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Heterochromia: Types, Causes and Information

  • Published: 2015-09-29 (Revised/Updated 2018-01-06) : Author: Thomas C. Weiss : Contact: Disabled World
  • Synopsis: General information regarding Heterochromia, a difference in coloration, usually of the iris but also of hair or the skin.

Quote: "Most instances of heterochromia at birth are genetic and not associated with any other form of systemic or ocular abnormality."

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'Heterochromia,' is a Greek word for differences in skin, hair and iris color. 'Heteros,' means different and, 'chroma,' means color. People who experience this usually have one iris that is a different color - darker or lighter than their other iris. The condition is caused by too much or too little pigmentation or melanin. The underlying causes include a number of things:

In anatomy, heterochromia is defined as a difference in coloration, usually of the iris but also of hair or skin. Heterochromia is a result of the relative excess or lack of melanin (a pigment). Heterochromia may be inherited, or caused by genetic mosaicism, chimerism, disease, or injury.

Heterochromia is a rare condition, it only affects around 11 people in 1,000 in America. Beside central heterochromia, there are two additional types of the condition. What follows is more in-depth information on heterochromia causes.

Causes of Heterochromia

Heterochromia is classified mainly by its time of onset as either genetic or congenital, present at or shortly after birth, or acquired. The majority of instances of heterochromia are hereditary and these might be associated with a congenital syndrome. Other instances are acquired and caused by an injury or disease. At times, one of a person's eyes might change color after certain injuries or diseases.

Heterochromia present at or shortly after a person's birth is usually hereditary, or due to intrauterine disease or injury. Congenital heterochromia might be familial and is inherited as an autosomal dominant trait. Inherited eye color is determined by a number of genes. Acquired or environmental factors may alter inherited traits. An infant with heterochromia should be examined by an opthalmologist as well as a pediatrician for other potential issues. If another disorder is suspected, diagnostic tests such as chromosome studies or blood tests might be performed to confirm the diagnosis.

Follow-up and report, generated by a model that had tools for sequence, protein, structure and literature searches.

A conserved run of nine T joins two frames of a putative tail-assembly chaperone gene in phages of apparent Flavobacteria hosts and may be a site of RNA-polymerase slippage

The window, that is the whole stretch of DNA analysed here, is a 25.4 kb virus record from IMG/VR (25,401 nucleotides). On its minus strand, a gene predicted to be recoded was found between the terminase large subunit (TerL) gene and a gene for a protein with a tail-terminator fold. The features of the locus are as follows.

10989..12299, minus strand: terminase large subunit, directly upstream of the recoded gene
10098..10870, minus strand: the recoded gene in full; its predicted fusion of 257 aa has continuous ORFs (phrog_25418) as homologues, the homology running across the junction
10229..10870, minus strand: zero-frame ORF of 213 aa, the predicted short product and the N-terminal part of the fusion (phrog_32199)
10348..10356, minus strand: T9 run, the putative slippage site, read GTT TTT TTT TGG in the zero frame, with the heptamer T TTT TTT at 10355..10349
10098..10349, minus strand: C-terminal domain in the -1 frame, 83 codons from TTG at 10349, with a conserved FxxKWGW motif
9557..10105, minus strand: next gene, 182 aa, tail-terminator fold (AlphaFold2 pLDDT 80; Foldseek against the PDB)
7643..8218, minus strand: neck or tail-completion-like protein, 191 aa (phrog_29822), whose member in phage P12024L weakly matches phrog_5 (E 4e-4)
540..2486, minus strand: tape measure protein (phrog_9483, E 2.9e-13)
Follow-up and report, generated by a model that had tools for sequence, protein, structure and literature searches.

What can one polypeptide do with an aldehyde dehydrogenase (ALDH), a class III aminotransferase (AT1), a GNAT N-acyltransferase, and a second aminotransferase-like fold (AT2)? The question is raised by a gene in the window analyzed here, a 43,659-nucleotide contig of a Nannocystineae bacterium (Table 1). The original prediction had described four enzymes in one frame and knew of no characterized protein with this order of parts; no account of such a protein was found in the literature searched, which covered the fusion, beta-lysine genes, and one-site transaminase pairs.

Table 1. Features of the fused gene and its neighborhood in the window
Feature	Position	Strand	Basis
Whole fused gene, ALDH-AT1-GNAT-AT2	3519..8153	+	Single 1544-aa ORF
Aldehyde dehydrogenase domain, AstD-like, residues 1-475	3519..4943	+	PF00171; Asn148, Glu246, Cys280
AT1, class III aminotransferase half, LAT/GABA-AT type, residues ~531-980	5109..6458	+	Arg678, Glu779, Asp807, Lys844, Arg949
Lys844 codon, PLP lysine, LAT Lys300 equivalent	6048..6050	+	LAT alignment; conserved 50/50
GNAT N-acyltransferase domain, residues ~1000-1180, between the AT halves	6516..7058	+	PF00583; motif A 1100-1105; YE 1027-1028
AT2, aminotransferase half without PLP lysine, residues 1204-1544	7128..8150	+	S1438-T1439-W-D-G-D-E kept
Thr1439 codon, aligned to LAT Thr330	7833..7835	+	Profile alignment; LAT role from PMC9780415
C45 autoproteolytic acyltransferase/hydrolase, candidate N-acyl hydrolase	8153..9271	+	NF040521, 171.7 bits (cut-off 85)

Most instances of heterochromia at birth are genetic and not associated with any other form of systemic or ocular abnormality. The condition in this instance is simply referred to as, 'congenital heterochromia iridis.' The person's lighter eye often times shows some loss of iris and is therefore regarded as the eye that is affected. The lighter iris might be differently colored throughout, or only in part. Congenital syndromes which might be characterized by heterochromia iridis include the following.

Acquired Diseases or Conditions and Heterochromia Iridis

Some acquired conditions or diseases might be present in people with heterochromia iridis. These conditions or diseases include the following:

Clouding of a person's cornea or changes in color in their cornea from a number of conditions might cause their iris to falsely appear to be a different color. Conditions such as corneal scars, the common condition of, 'arcus senilis,' or the rare condition of Wilson disease might give the appearance of iris color differences.

Types of Heterochromia

Heterochromia manifests itself in one of three forms; sectoral, central and complete. It is also examined by how the onset occurred, genetic or acquired. While the majority of instances of this condition are genetic, there are also some instances where an eye changes color due to an underlying condition, or an eye injury. What follows are descriptions of the types of heterochromia.

Diagnosing Heterochromia

A health care provider might ask questions to help evaluate the cause such as, 'Did you notice the two different eye colors when the person was born, shortly after their birth, or recently? The health care provider may also ask if the person is experiencing any other symptoms. An infant with heterochromia should be examined by both an opthalmologist and a pediatrician for other potential issues.

A complete eye exam may rule out the majority of causes of heterochromia. If there does not appear to be an underlying disorder, no additional tests may be needed. If another disorder is suspected, diagnostic testing such as chromosome studies or blood testing might be performed in order to confirm the diagnosis.


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